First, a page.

W3C home > Mailing lists > Public > www-style@w3.org > January 2015

Re: Shadow tree style isolation primitive

From: Ryosuke Niwa <rniwa@apple.com>
Date: Tue, 13 Jan 2015 11:07:23 -0800
Cc: Anne van Kesteren <annevk@annevk.nl>, "www-style@w3.org" <www-style@w3.org>, WebApps WG <public-webapps@w3.org>
Message-id: <A1744706-D69C-441D-B695-C62CEAC6B8AA@apple.com>
To: chaals@yandex-team.ru

On Jan 13, 2015, at 4:15 AM, chaals@yandex-team.ru wrote:

> 13.01.2015, 00:57, "Ryosuke Niwa" <rniwa@apple.com>:
>>>  On Jan 12, 2015, at 4:13 AM, chaals@yandex-team.ru wrote:
>>>  09.01.2015, 16:42, "Anne van Kesteren" <annevk@annevk.nl>:
>>>>  I'm wondering if it's feasible to provide developers with the
>>>>  primitive that the combination of Shadow DOM and CSS Scoping provides.
>>>>  Namely a way to isolate a subtree from selector matching (of document
>>>>  stylesheets, not necessarily user and user agent stylesheets) and
>>>>  requiring a special selector, such as >>>, to pierce through the
>>>>  boundary.
>>>  Sounds like a reasonable, and perhaps feasible thing to do, but the obvious question is "why?"
>>>  The use cases I can think of are to provide the sort of thing we do with BEM today. Is the effort worth it, or are there other things I didn't think of (quite likely, given I spent multiple seconds on the question)?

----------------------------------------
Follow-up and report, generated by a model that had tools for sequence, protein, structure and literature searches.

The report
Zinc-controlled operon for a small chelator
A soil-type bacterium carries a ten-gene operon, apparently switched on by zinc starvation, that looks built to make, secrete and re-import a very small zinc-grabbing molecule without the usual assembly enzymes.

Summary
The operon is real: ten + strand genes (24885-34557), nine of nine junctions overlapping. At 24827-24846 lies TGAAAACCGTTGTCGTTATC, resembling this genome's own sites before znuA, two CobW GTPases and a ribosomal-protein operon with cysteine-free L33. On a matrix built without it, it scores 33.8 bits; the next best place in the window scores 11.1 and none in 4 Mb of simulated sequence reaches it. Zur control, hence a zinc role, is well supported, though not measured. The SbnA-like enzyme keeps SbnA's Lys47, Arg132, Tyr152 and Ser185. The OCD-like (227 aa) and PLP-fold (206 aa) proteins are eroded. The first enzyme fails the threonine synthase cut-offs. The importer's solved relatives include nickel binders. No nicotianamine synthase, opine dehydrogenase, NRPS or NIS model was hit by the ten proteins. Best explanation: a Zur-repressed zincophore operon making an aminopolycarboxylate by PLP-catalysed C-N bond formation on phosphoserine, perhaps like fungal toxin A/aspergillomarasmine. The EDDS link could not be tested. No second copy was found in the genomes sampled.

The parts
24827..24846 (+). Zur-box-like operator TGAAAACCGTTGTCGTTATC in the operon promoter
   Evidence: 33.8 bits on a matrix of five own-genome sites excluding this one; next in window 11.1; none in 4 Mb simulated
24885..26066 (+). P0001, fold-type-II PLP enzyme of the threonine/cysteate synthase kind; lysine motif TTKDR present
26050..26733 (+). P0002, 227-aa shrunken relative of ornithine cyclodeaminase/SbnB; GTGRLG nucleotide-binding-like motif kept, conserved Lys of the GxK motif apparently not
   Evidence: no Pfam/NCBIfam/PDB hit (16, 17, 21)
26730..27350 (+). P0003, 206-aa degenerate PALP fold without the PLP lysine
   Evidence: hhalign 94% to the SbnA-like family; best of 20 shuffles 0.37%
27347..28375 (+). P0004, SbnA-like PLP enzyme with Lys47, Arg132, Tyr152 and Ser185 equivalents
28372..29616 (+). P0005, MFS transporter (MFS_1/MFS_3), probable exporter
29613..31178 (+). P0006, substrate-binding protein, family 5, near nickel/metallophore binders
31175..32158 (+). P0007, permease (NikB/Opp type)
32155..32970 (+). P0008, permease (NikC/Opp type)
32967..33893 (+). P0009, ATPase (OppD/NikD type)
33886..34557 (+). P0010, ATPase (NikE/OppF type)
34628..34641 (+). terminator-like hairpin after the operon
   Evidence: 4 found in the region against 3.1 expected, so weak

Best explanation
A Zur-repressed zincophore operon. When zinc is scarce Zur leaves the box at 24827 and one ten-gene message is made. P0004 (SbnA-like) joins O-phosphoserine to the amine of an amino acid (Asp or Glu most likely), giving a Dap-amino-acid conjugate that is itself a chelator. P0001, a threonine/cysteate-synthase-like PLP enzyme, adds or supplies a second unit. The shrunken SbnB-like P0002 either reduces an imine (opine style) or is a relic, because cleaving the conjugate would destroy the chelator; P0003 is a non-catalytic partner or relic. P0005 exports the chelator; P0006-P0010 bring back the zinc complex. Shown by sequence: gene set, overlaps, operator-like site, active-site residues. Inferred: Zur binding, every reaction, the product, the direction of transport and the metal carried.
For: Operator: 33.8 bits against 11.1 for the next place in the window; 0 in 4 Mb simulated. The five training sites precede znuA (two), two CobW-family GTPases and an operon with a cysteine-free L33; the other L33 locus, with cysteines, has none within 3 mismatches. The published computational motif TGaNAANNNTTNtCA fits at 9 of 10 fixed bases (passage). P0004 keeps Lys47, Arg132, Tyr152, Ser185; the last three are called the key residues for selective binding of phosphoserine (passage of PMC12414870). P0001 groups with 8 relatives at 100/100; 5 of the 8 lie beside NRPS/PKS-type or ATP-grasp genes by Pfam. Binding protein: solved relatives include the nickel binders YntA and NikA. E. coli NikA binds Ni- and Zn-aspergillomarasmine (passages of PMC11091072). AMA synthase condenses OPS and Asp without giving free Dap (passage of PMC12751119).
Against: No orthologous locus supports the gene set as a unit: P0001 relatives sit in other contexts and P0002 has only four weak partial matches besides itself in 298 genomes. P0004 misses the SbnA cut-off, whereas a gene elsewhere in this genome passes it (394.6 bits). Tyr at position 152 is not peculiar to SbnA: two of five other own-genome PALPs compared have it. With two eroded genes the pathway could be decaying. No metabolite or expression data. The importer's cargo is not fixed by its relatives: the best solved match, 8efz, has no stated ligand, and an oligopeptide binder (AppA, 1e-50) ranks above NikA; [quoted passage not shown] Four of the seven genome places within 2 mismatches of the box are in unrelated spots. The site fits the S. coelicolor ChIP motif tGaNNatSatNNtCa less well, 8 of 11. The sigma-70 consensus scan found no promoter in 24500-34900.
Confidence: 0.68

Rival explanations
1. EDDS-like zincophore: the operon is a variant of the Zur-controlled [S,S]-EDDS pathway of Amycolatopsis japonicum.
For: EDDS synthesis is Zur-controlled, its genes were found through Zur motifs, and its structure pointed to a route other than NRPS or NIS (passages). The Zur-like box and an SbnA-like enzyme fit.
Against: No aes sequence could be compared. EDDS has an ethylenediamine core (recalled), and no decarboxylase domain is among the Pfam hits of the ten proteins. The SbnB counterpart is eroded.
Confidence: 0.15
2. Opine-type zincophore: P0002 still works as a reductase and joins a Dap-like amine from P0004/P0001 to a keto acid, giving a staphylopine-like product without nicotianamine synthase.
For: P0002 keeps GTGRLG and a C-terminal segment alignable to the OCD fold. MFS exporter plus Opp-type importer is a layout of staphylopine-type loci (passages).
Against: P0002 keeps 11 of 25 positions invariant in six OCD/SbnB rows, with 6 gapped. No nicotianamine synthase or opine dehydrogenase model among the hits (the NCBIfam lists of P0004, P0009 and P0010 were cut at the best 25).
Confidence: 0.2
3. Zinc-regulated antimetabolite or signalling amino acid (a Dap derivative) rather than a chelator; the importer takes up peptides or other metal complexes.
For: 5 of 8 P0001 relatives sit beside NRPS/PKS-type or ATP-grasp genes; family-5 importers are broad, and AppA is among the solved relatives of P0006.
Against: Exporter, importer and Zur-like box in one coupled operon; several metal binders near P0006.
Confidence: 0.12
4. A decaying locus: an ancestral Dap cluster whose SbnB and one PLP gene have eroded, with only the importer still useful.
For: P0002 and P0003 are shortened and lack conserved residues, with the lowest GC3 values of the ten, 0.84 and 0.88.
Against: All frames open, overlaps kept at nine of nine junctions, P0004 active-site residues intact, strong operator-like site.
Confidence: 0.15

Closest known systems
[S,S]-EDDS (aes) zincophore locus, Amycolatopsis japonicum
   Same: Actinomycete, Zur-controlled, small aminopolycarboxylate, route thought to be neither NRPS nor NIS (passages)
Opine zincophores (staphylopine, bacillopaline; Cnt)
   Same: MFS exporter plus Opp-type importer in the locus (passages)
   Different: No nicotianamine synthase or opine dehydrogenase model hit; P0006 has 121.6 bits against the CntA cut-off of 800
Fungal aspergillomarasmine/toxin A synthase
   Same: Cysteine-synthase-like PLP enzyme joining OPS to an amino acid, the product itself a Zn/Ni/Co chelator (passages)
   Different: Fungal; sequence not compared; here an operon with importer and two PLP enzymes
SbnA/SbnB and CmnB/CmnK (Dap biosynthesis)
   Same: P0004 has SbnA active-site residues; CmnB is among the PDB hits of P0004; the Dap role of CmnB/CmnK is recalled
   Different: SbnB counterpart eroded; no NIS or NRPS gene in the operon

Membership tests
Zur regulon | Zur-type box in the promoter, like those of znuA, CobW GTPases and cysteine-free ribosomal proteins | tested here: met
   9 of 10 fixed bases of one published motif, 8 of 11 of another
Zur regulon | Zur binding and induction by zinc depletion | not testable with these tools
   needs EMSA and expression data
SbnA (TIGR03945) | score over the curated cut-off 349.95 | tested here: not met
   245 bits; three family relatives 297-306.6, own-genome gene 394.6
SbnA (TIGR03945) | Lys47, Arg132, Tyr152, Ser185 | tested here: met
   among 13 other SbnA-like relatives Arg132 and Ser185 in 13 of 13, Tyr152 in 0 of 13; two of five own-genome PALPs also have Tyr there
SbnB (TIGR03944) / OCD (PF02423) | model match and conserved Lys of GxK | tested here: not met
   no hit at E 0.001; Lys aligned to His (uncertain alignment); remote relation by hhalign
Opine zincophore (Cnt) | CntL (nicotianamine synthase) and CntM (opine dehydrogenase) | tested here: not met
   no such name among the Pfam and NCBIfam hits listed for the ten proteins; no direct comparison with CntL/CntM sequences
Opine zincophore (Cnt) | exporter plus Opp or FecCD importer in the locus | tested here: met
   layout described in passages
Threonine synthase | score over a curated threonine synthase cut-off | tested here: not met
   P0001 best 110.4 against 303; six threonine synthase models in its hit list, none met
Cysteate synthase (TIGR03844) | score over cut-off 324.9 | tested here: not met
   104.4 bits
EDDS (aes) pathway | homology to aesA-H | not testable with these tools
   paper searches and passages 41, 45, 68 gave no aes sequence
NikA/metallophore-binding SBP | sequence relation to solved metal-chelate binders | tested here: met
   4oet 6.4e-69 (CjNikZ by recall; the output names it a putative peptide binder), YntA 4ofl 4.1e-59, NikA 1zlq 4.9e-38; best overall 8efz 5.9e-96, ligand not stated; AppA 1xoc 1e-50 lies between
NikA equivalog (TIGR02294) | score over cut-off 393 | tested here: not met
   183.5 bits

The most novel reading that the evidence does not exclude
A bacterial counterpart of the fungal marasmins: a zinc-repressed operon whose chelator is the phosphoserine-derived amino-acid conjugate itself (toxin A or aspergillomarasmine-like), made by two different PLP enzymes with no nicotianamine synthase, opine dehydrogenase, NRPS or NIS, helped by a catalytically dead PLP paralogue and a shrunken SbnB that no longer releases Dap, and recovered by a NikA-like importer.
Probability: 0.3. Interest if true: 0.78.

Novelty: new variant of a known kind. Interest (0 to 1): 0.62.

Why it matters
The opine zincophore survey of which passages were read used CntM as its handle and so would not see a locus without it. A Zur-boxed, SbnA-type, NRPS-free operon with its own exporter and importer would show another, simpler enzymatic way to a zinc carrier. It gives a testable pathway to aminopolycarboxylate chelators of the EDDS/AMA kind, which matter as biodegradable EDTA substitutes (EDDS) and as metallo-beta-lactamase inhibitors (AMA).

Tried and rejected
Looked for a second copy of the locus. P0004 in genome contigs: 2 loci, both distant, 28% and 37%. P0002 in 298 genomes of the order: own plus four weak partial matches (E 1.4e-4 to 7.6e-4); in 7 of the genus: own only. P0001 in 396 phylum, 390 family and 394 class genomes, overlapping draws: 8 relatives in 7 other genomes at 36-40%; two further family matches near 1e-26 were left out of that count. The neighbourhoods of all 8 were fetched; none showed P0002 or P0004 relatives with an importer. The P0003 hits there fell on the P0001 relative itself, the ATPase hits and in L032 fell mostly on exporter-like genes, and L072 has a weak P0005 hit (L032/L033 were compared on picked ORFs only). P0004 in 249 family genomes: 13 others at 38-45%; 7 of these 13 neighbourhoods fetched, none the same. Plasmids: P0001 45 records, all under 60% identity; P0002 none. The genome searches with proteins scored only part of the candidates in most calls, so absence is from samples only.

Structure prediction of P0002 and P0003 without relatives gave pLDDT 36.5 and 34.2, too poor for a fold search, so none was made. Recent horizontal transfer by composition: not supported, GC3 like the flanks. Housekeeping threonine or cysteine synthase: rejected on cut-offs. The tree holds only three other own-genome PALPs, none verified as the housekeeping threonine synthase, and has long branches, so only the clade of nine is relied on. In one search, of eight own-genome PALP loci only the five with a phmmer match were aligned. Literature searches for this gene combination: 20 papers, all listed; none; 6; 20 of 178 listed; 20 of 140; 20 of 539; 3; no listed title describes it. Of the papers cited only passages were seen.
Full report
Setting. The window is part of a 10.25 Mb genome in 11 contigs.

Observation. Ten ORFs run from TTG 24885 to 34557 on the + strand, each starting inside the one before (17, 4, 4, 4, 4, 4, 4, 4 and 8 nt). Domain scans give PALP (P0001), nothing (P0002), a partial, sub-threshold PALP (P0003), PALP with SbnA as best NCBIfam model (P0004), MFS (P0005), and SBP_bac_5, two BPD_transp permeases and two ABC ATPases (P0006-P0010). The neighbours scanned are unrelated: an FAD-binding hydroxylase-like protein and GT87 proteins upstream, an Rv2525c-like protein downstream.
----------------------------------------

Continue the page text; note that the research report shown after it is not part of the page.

>> The benefit of this approach is that all the styling information will be in one place.  CSS cascading rules is already complicated, and having to consult the markup to know where the selector boundary is will be yet another cognitive stress.
> Sorry, I'm dense this morning for sure. Why would all the styling information be in one place? I'm still thinking from the model of BEM, where the benefit is that for a particular block you can collect everything (styling, scripts, whatever magic you want - or just a couple of plain tags and 4 words) in one place, and the different pieces get stitched together without having to worry about how they will impact each other because ordinarily they won't.

To separate presentational information (CSS) from the semantics (HTML).  Defining both style isolation boundaries and the associated CSS rules in an external CSS file will allow authors to change both of them without having to modify every HTML documents that includes the CSS file.  Of course, this is a non-starter for Web apps that require a lot of scripting, but style isolation is a very useful feature for a lot of static pages as well.

- R. Niwa

Received on Tuesday, 13 January 2015 19:08:15 UTC

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